(RNS) – Carly Manes, a doula in Los Angeles, supports her pregnant clients every step of the way: birth, miscarriage, postpartum – and abortion. She connects clients with resources for abortion pills, answers questions about the abortion process, and during the procedure provides heating pads or simply acts as a positive presence. With a client, Manes, who is Jewish, performed a mikveh, a ritual commonly undergone by women after menstruation or childbirth.
“A lot of people in the birthspace, especially within Judaism, are calling for more spiritual practices,” Manes said, adding that Indigenous communities have a long tradition of abortion and miscarriage rituals.
Thanks to the U.S. Supreme Court’s decision in Dobbs v. Jackson Women’s Health Organization, which overturned Roe v. Wade, Manes believes, full-spectrum doulas like her and those who specialize in abortion should see increased demand. “Doulas are going to be really important in helping them interact with the medical system in a way that won’t lead to criminalization,” said Manes, author of the children’s book “What’s an Abortion, Anyway?”
Even in California, where abortion rights remain protected, waiting times will be extended due to the influx of out-of-state people seeking abortions. The longer a person waits for an abortion, she noted, the more expensive the procedure becomes.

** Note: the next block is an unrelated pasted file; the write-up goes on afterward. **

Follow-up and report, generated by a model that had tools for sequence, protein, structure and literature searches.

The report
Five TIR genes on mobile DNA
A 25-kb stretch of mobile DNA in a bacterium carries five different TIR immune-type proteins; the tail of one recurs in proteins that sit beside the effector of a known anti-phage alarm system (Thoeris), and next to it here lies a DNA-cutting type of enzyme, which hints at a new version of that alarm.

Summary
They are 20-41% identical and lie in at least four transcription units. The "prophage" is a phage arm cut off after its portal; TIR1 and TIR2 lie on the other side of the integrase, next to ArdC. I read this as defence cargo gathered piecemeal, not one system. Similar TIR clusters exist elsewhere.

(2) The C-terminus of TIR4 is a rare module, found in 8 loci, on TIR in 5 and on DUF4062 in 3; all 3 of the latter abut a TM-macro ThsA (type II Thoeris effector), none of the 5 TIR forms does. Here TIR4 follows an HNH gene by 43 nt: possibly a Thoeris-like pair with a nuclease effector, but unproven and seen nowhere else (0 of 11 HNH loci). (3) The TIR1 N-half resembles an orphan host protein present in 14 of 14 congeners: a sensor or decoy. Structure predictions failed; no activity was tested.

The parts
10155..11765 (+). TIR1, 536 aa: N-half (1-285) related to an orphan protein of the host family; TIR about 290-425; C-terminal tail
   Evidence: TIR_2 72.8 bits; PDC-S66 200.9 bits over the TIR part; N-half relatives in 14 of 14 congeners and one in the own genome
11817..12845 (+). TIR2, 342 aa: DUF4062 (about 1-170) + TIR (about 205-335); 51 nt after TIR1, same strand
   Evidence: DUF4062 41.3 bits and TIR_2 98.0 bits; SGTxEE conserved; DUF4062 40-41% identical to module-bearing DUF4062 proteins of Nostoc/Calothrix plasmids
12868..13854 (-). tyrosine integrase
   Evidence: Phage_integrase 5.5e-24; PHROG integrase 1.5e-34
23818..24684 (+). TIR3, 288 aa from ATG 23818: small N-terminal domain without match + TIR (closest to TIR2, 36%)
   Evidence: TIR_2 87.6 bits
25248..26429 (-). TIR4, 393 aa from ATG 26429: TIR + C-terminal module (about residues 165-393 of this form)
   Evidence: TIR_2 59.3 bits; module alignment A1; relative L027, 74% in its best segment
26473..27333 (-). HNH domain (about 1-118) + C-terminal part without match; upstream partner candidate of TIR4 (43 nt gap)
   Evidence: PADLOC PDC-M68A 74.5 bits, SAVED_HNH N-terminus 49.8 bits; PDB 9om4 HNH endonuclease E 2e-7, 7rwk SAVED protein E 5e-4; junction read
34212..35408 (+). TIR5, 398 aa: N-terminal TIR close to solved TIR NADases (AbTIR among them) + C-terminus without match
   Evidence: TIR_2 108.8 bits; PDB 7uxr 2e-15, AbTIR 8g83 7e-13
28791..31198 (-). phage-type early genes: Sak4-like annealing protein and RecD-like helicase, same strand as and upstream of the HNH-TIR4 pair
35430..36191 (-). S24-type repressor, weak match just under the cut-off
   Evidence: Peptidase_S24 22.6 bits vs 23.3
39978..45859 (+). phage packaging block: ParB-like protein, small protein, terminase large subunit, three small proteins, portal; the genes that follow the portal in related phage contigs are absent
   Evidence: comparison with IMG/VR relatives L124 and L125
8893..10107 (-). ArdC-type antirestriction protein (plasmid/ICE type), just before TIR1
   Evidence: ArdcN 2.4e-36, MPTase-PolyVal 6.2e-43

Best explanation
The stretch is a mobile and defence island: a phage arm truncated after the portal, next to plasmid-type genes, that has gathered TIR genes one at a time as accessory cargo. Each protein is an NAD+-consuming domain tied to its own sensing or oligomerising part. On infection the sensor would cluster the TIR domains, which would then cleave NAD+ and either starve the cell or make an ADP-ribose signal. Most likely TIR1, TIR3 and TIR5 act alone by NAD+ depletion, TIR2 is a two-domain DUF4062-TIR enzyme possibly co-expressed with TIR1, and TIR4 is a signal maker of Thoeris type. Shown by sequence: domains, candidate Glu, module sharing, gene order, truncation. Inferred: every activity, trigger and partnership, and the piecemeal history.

Abortion doulas, like other types of doulas – the word comes from the ancient Greek for “helper” – are increasingly exploring ways to incorporate spirituality and ritual into their practices, offering yoga, meditation, prayer, traditional medicine and even tarot readings.
As doulas become a more common part of abortion procedures, such spiritual elements are likely to find their way into the experience.
Lynsey Bourke, an abortion doula from Montana, says her home state is on the verge of ending legal access to abortion services. “If this happens it will make me wonder if we will continue to do business in my home country and if it is a safe place for me where my rights will be protected,” she said.
Bourke has been an abortion doula for 15 years and believes abortion is a sacred process. “I have a strong connection with the Creator, or with God, or with the conscious life force that connects us all,” explained Bourke, who was raised Catholic. “And I find most religions very beautiful and really resonant truth in all of them.
Bourke aims to meet clients where they are, noting that the abortion experience can be spiritual for some, while for others it can trigger religious awareness. One of the ways she supports clients of diverse faiths is by helping them create personal rituals.
“I recommend having an altar or a place of prayer throughout the procedure,” Bourke said. “(The client) is invited to perhaps write a letter to the baby explaining the reasons, to say a final word, to write a farewell letter that can be placed on the altar, and anything else of importance And then different times of deep contemplation can be spent there at the altar at different times in the process.